This was despite Hank Williams being just three years Ray Price’s senior. By then,  Hank Williams had over a dozen top ten country singles, including three number ones.  Ray couldn’t have asked for a better teacher, and was a willing pupil. Although their time together was brief, Ray Price learnt a lot from Hank Williams, and was better prepared to make his way in the world of country music.

By 1952, Ray Price was signed to Columbia Records, and released Talk to Your Heart as a single. It reached number three in the US Country charts. The followup, Don’t Let the Stars Get In Your Eyes the reached number four later in 1952. This was the last hit single Ray enjoyed for two years.

1953 didn’t start well for Ray Price. On the 1st of January, Hank Williams was found dead. He was only twenty-nine. It was a huge blow for his friends, which included Ray Price. After Hank Williams’ death, Ray Price managed his old friend’s band, The Drifting Cowboys. During this period, the  band enjoyed some success. However, this wasn’t the only band Ray Price worked with during 1953.

In 1953, Ray Price formed his own band The Cherokee Cowboys. Its lineup would change over the years, and during the late fifties and early sixties, included Willie Nelson, Roger Miller, Buddy Emmons, Johnny Bush, Van Howard, Darrell McCall and Johnny Paycheck. By then, Ray Price would be one of the biggest names in country music.

It wasn’t until 1954 that Ray Price returned to the US Country charts. I’ll Be There (If You Ever Want Me). It reached number two, and was the biggest single of Ray’s career. For the followup,  I’m Much too Young to Die was released later in 1954, but stalled at number thirteen in the US Country charts. However, it was another two years before Ray enjoyed another hit single.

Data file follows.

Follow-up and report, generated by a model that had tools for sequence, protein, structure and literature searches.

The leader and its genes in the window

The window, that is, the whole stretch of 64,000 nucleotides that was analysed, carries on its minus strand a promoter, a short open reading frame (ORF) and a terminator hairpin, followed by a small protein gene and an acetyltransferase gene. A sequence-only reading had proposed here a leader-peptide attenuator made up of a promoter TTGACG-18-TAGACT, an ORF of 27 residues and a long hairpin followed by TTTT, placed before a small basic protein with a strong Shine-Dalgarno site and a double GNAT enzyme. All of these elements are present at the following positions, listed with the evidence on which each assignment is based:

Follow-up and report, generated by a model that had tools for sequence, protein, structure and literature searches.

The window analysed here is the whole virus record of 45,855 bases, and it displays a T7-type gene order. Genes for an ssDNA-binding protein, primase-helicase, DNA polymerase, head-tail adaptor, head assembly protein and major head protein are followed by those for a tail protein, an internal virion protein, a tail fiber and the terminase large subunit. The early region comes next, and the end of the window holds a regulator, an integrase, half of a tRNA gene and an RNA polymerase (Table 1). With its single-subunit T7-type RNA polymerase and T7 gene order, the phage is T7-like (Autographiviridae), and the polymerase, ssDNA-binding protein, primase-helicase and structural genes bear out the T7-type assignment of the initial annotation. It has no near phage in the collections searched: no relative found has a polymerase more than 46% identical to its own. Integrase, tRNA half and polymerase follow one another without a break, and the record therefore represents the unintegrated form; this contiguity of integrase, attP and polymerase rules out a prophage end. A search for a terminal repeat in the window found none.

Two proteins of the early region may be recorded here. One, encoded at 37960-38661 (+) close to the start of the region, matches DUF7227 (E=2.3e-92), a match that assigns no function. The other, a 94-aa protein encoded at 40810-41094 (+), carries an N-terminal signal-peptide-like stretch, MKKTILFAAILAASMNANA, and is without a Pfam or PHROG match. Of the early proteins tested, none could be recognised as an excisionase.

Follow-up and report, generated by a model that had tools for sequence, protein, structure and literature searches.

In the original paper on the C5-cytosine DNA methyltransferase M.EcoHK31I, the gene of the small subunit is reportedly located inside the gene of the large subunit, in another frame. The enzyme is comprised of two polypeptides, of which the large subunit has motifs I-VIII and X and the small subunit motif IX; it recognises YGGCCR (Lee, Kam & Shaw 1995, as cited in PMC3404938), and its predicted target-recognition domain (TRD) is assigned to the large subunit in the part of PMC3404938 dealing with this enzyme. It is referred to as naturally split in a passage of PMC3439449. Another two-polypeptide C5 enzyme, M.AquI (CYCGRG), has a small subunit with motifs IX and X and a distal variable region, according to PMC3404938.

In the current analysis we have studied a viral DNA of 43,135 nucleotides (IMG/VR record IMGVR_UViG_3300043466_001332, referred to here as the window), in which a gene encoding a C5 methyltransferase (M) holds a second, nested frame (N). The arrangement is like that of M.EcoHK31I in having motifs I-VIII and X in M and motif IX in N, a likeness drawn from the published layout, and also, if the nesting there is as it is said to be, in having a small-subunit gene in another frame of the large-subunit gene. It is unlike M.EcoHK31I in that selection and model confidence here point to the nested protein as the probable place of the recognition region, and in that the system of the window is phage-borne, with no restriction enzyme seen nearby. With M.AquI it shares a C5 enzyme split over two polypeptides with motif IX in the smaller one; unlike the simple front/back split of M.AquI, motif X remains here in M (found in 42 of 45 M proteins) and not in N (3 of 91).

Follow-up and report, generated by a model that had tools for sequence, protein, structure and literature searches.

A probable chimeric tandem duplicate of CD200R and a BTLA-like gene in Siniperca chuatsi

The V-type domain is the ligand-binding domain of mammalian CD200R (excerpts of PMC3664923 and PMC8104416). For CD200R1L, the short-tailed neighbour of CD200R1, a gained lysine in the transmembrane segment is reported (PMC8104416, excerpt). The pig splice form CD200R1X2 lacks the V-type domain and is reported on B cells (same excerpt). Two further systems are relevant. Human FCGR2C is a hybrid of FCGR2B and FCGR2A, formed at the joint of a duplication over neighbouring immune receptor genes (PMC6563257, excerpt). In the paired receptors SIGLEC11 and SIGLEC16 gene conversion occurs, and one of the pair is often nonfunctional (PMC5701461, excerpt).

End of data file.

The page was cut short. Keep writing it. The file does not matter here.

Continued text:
1956 was a big year for Ray Price. Run Boy reached number five in the US Country charts. Then Ray’s cover of Crazy Arms gave Ray his first number one in the US Country charts. The followup, I’ve Got A New Heartache stopped just short of the top spot, reaching number two in the US Country charts. By then, Ray Price was well on the way to becoming one of the biggest names in country music. 

In 1957, the success kept on coming for Ray Price. I’ll Be There (When You Get Lonely) reached number twelve in the US Country charts. Then My Shoes Keep Walking Back To You gave Ray his second number one in the US Country charts. This was the perfect time for Ray to release his debut album.

This was Ray Price Sings Heart Songs.  It featured a selection of cover versions, including two penned by his late friend Hank Williams. When the album was released in July 1957, it failed to chart. This was a huge blow for Ray. However, he wasn’t alone. Other country artists, including Johnny Cash and George Jones were experiencing the same problem. The country album era had yet to arrive.

After the disappointing performance of his debut album, Ray Price released  his sophomore album, Talk to Your Heart in April 1964. It was a familiar story, when the album failed to trouble the charts. Two months later, Ray released  City Lights as a single in June 1958. It gave Ray his third number one single in the US Country charts. Later in 1958, That’s What it’s Like To Be Lonesome reached number seven in the US Country charts. 1958 had been a year of mixed fortunes for Ray. His luck improved in 1959.